Tuf Voyaging



Hello? Hello?

Yes, I see it works. Good.

I am Rarik Hortvenzy, apprentice factor, speaking a warning to whomever finds my words.

Dusk comes now, for me the last. The sun has sunk beneath the western cliffs, staining the land with blood, and now the twilight eats its way toward me inexorably. The stars come out, one by one, but the only star that matters burns night and day, day and night. It is always with me, the brightest thing in the sky but for the sun. It is the plague star.

This day I buried Janeel. With my own hands I buried her, digging in the hard rocky ground from dawn through late afternoon, until my arms were afire with pain. When my ordeal was done, when the last spadeful of this wretched alien dirt had been thrown upon her head, when the last stone had been placed atop her cairn, then I stood over her and spat upon her grave.

It is all her fault. I told her so, not once but many times as she lay dying, and when the end was near she finally admitted her guilt. Her fault that we came here. Her fault that we did not leave when we might have. Her fault that she is dead - yes, no doubt of it - and her fault that I shall rot unburied when my own time comes, my flesh a feast for the beasts of the dark, and the flyers and night-hunters we once hoped to trade with.

The plague star twinkles but little, shines down upon the land with a clear bright light. This is wrong, I told Janeel once; a plague star ought to be red. It ought to glower, to drape itself with scarlet radiance, to whisper into the night hints of fire and of blood. This clear white purity, what has that to do with plague? That was in the first days, when our charter ship had just set us down to open our proud little trade complex, set us down and then moved on. In that time the plague star was but one of fifty first-magnitude stars in these alien skies, hard even to pick out. In that time we smiled at it, at the superstitions of these primitives, these backward brutes who thought sickness came from the sky.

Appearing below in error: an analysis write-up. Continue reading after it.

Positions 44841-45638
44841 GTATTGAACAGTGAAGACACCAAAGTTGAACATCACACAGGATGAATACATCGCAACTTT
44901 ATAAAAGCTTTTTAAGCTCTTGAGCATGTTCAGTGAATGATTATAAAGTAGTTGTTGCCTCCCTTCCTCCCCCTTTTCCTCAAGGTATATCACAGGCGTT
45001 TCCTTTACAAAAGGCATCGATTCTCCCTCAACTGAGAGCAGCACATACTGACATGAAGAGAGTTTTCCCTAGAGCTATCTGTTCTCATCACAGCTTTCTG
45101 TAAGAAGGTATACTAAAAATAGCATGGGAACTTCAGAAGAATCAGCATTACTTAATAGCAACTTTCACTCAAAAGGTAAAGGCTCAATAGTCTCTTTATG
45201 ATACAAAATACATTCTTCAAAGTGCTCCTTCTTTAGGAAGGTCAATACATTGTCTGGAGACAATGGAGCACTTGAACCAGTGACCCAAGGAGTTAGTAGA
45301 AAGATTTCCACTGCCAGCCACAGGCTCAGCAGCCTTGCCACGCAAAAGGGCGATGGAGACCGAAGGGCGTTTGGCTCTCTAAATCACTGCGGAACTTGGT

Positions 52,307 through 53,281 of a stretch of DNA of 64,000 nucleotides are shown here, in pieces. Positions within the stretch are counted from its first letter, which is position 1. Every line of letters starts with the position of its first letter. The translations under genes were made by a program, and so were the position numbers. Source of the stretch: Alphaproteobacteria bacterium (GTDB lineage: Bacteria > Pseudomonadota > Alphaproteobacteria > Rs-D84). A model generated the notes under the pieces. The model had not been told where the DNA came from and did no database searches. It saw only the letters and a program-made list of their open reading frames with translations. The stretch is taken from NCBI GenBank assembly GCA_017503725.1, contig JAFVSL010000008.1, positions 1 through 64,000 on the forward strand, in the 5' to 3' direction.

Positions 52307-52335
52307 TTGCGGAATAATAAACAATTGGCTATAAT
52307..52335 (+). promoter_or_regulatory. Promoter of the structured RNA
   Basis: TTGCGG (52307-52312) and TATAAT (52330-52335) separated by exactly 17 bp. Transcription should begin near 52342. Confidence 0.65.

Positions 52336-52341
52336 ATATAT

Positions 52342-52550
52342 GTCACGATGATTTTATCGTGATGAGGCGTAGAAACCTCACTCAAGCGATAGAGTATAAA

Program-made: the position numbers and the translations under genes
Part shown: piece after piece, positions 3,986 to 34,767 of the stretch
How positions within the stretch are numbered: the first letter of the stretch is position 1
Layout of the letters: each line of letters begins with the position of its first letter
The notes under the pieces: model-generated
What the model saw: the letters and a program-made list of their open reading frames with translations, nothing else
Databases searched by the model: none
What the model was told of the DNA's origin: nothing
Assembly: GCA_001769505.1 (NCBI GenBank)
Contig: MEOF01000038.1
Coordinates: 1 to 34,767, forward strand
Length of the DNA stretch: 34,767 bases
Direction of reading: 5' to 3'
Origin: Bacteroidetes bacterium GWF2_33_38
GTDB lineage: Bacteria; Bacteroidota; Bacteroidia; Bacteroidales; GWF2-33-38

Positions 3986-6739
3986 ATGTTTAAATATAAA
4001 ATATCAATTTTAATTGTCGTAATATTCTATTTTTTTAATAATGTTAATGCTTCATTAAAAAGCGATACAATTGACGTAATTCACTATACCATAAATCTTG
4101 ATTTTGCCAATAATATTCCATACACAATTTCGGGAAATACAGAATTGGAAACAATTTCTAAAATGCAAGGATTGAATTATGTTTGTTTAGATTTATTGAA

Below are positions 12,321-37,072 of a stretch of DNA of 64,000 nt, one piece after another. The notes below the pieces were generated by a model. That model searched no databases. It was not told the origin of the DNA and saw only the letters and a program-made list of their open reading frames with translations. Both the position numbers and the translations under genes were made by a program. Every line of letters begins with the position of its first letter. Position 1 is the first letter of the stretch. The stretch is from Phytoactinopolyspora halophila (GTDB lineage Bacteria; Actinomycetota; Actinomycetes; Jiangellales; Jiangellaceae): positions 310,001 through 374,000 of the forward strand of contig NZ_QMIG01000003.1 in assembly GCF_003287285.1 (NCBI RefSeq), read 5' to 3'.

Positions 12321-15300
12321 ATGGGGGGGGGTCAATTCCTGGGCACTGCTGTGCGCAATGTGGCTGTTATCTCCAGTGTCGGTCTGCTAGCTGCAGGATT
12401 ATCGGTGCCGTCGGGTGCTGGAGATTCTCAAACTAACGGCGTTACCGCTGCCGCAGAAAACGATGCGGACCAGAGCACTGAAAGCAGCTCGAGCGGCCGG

Yet then the plague star began to wax. Night after night it burned more brightly, until it became visible even by day. Long before that time the pestilence had begun.

The flyers wheel against the darkening sky. Gliders, they are, and from afar they have a beauty. They call to my mind the shadowgulls of my homeplace, Budakhar upon the living sea, on the world Razyar. Yet here is no sea, only mountains and hills and dry desolation, and I know too that these flyers have small beauty when close at hand. Lean and terrible creatures they are, half as tall as a man, with skin like tanned leather pulled tight across their strange hollow bones. Their wings are dry and hard as a drumskin, their talons sharp like daggers, and beneath the great bony crest that sweeps back like a hooked blade from their narrow skulls, their eyes are a hideous red.

Janeel said to me they were sentient. They have a tongue, she said. I have heard their voices, thin keening screeching voices that scrape raw the nerves. I have never learned to speak this tongue, nor did Janeel. Sentient, she said. We would trade with them. Ho, they wanted no part of us or our trade. They knew enough to steal, yes, and that is